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PhD student develops innovative exercise programme using Cook Islands dance

Fitness guru: Troy on top of Mt Cargill, Dunedin. Photo: supplied

Troy Tararo-Ruhe (Ma’uke, Cook Islands/Tuwharetoa, Ngā Puhi, Aotearoa) loves his sport and is passionate about dancing.

The 26-year-old PhD student from the University of Otago has developed an exercise programme called Niu Movement, which uses cultural performance and blends it with contemporary resistance training to make a high-energy fitness regime.

The programme will inform Troy’s final research project aiming to measure the effectiveness of circuit-based exercise in Pacific Islands communities.

“My purpose in life is service to my people,” he said.

“Those people are my Cook Islands people back in the Cook Islands and in Aotearoa, as well as all Pacific Islands people throughout the Pacific region.”

It’s an initiative that the proud Cook Islander has been honing over the last two years. He started in Dunedin in 2018, where he ran weekly sessions with the local community, and then implemented the programme back home in the Cook Islands in 2019.

He has worked with over 200 Pasifika people of all ages, ranging from 16 to 80 years old.

Community in action: Troy taking one of his classes through the kapa rima actions. Photo: supplied

“This is the first time this has ever been done,” he said.

“When I did this work in the Cook Islands, I couldn’t believe I had reached my life goal of helping my communities so early in my career.”

Keeping track of his participant’s results, Troy realised the fitness plan had made a real difference in their lives.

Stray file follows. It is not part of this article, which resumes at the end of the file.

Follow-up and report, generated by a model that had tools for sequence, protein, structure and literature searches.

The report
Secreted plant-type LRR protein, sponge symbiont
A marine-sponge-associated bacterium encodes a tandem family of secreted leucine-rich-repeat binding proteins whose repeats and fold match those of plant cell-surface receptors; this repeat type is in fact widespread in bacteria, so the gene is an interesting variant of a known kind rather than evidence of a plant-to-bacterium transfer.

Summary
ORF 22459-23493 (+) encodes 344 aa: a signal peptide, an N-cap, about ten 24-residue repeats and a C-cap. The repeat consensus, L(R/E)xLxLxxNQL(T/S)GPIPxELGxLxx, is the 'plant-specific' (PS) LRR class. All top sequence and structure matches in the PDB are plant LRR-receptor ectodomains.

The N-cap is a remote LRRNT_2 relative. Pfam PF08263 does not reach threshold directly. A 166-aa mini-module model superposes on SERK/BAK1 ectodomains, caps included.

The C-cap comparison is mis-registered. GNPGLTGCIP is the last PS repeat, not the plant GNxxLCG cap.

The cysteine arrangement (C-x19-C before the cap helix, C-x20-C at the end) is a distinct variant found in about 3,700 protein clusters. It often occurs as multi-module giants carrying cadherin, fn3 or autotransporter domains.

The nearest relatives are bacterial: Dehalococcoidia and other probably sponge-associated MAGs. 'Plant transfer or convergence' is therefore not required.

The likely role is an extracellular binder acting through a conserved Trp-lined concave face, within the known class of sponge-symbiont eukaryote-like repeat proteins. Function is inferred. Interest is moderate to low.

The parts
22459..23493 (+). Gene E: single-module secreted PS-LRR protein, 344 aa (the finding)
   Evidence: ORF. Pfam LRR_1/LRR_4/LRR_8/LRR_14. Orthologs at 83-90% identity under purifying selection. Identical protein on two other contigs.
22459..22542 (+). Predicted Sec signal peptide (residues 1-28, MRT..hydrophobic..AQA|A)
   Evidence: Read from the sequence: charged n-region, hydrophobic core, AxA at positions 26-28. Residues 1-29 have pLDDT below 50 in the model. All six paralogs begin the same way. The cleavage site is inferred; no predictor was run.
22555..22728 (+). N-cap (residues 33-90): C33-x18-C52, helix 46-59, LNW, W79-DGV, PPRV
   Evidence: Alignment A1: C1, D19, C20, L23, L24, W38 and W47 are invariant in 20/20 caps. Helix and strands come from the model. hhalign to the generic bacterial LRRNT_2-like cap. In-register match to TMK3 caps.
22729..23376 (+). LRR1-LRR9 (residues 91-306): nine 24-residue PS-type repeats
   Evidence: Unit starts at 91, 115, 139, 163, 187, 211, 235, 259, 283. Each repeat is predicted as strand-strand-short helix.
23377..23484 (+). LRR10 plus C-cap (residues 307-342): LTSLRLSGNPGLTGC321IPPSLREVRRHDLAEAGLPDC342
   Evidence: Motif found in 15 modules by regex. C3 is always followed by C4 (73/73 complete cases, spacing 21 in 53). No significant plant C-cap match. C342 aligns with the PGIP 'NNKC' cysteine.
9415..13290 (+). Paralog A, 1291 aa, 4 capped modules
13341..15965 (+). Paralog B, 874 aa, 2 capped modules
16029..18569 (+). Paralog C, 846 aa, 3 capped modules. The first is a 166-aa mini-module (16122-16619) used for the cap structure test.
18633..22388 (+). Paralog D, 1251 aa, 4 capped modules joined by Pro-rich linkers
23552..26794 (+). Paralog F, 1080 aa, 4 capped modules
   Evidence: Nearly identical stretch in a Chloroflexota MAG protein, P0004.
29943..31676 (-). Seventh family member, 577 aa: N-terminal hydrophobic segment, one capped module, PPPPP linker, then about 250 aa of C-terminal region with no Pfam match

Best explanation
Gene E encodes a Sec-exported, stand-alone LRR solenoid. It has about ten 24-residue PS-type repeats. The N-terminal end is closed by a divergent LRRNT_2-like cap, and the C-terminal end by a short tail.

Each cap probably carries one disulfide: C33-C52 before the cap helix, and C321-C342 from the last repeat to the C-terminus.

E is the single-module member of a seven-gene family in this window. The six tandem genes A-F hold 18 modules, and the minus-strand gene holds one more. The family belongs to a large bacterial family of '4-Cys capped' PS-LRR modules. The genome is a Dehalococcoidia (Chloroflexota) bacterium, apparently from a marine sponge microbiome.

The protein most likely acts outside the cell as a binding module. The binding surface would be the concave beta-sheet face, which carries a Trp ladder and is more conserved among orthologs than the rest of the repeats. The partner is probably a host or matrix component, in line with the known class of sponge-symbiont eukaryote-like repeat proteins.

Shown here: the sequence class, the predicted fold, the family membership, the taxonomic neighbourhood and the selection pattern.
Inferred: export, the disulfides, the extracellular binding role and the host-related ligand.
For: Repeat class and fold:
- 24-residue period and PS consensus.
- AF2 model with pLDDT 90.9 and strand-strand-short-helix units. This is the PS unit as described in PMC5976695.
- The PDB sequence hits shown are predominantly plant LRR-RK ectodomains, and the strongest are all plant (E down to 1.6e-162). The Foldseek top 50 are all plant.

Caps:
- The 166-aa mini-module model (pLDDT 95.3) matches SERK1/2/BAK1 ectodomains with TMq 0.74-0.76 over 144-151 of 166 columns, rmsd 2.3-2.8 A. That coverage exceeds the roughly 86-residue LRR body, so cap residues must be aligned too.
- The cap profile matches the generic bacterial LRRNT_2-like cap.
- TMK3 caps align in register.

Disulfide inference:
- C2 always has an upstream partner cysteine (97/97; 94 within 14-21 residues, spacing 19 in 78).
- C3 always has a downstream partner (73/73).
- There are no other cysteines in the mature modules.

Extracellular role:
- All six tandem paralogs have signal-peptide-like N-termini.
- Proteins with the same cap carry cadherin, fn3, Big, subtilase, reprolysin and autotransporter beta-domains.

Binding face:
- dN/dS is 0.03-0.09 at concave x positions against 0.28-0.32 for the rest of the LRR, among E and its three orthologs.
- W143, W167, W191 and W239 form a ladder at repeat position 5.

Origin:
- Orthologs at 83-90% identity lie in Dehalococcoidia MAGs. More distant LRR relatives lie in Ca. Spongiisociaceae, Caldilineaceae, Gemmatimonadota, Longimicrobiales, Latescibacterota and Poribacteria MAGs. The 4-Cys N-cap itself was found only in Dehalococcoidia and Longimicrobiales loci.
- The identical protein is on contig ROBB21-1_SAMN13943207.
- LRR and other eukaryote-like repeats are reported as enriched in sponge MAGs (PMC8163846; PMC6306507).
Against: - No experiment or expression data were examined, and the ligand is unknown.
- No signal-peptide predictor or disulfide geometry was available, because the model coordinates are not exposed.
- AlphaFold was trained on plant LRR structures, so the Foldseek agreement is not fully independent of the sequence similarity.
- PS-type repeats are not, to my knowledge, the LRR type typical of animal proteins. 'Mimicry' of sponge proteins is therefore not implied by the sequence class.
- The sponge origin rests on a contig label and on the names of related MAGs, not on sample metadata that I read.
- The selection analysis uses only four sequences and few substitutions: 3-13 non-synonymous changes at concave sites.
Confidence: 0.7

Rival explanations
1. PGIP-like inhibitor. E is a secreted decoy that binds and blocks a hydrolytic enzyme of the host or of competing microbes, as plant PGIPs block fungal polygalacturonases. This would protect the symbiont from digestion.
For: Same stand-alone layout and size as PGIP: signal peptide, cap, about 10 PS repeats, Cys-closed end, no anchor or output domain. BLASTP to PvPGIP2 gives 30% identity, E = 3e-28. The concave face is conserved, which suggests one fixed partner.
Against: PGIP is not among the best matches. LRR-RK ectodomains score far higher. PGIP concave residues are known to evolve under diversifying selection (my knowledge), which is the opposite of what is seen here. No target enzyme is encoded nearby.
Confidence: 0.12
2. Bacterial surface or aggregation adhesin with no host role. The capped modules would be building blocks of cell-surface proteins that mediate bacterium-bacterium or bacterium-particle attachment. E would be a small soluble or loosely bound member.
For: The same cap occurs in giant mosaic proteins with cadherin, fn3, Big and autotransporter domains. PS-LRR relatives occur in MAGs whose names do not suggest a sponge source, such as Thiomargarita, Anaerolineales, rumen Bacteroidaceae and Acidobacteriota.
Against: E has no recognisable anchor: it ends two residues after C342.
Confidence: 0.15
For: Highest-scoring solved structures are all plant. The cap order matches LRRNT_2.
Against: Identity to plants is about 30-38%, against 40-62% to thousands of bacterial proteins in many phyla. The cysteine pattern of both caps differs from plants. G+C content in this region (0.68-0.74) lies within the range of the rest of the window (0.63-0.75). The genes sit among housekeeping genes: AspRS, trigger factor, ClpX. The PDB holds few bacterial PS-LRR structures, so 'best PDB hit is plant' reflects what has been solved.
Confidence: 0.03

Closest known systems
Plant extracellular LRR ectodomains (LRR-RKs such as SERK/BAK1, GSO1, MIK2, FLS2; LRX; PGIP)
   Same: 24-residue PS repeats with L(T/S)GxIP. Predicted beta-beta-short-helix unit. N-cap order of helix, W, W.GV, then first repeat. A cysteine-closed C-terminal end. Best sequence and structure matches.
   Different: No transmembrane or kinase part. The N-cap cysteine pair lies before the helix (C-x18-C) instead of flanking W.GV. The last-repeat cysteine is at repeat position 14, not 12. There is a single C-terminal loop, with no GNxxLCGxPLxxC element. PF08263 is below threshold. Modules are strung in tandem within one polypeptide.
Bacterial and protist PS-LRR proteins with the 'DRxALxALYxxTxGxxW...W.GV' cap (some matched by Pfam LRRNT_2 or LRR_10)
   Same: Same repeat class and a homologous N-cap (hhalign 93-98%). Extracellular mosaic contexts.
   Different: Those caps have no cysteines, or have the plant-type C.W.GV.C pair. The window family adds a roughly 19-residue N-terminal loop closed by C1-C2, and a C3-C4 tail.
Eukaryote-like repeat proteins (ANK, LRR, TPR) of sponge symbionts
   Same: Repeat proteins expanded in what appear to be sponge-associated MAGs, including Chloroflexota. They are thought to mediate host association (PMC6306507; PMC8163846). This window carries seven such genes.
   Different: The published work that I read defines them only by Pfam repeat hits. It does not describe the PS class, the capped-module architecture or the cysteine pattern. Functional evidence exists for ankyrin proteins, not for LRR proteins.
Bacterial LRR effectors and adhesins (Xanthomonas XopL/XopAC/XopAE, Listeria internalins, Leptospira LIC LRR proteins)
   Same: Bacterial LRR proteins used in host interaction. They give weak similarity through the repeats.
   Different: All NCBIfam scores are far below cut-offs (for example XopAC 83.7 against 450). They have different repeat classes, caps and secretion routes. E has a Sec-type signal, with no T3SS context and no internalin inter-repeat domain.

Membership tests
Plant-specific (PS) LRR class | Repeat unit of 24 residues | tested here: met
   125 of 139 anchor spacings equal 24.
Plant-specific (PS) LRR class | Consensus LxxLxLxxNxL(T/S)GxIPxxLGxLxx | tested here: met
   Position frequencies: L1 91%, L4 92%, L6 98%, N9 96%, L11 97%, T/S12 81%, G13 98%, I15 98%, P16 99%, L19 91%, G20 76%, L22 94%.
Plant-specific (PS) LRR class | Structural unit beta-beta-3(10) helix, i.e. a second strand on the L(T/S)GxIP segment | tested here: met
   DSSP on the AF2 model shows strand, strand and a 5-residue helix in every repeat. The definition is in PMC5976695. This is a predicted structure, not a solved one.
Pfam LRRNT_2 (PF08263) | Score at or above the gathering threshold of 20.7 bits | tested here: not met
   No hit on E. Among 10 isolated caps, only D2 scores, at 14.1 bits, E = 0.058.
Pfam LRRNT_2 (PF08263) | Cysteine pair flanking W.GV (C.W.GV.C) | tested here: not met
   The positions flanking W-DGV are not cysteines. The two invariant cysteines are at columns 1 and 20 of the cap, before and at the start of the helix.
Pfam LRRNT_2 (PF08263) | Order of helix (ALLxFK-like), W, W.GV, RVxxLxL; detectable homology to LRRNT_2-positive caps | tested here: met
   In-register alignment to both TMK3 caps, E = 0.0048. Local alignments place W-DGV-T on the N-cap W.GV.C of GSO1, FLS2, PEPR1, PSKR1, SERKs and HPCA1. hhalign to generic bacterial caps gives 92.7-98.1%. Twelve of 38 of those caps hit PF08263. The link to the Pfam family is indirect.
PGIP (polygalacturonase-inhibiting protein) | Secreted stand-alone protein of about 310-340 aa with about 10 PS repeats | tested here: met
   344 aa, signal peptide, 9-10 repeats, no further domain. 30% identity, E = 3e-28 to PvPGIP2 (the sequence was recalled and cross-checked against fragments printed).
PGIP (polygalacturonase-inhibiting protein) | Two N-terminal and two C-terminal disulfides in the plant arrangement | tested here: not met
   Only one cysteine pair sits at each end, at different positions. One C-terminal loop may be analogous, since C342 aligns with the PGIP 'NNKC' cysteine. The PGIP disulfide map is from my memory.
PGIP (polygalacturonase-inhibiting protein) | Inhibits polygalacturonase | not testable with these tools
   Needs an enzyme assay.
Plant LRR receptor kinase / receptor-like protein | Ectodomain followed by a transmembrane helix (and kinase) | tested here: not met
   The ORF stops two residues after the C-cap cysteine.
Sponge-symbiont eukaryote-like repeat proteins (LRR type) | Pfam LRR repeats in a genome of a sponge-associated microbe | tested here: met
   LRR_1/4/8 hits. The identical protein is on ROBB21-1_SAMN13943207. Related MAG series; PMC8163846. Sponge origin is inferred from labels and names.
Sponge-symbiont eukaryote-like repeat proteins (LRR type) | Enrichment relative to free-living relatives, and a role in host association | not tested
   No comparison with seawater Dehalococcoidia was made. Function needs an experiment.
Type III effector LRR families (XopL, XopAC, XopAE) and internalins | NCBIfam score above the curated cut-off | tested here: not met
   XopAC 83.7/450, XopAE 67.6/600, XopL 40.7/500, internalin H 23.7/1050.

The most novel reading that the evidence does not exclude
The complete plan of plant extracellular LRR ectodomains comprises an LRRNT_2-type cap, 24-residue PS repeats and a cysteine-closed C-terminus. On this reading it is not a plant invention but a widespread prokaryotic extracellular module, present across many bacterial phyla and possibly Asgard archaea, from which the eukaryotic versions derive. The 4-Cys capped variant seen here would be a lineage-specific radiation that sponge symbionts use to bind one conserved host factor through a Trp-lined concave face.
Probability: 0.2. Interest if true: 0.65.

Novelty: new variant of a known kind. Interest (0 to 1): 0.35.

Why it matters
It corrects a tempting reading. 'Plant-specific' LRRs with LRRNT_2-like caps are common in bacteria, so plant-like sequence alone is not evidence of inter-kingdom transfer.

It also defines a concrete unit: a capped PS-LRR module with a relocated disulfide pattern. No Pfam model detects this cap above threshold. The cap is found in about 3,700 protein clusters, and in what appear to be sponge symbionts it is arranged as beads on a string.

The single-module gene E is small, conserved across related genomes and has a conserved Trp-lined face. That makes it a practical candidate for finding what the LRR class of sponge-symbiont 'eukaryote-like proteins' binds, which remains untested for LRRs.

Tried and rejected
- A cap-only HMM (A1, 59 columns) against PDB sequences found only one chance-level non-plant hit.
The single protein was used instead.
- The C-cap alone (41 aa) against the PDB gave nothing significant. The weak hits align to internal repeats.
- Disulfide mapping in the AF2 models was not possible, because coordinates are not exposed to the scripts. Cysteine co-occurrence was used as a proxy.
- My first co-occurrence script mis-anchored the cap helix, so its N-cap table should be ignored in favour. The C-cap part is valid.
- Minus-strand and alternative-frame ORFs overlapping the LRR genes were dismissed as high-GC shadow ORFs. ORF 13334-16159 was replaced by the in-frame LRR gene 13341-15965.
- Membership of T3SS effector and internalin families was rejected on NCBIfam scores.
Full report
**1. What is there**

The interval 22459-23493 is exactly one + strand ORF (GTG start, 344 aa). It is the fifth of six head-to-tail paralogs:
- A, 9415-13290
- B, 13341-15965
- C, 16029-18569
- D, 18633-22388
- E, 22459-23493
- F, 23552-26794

“We had a decrease in blood pressure, waist circumference, hips circumference, increases in cardio respiratory fitness,” he said.

“They were fitter in what they were doing.”

Hard at work: Niu Movement group training in the Cook Islands. Photo: supplied

Each session begins with the kapa rima (dance using hands) to warm up the participants before they get into a 50-minute workout.

The full workout is divided into four sections that target different body parts. The aim is to make sure the body is always moving, with resistance exercise in the middle before finishing off with the ura pa’u (fast drum dance).

This was an opportunity to use traditional knowledge from the past with science to develop ‘niu’ movements.

“It’s cool because now that we have broken the mould of what is seen as regular exercise, it is starting to be investigated with scientific backing,” Troy added.

Fitness for all ages: Rarotonga airport staff (left frame) and the Avarua Vaine Tini (right frame) training in Rarotonga.

Troy will complete his academic journey with the School of Physical Education, Sport and Exercise Sciences (The University of Otago), which was made possible after he received a scholarship from the Health Research Council of New Zealand (HRC) in 2017.

He hopes to move on to post-doctoral studies with plans to work in the Pacific region.

So far, he’s already teamed up with the Cook Islands Ministry of Health on physical activity strategies to help mitigate non-communicable diseases such as diabetes and obesity.

“With my growing knowledge of applying culturally appropriate physical activity within Pacific Islands people, I feel I can now use my expertise to make a real difference,” he said.

Passion to help Pacific people: Troy (right) poses with Emma Powell and Dr Debi Futter-Puati at the University of the South Pacific – Rarotonga Campus. Photo: supplied.

By John Pulu

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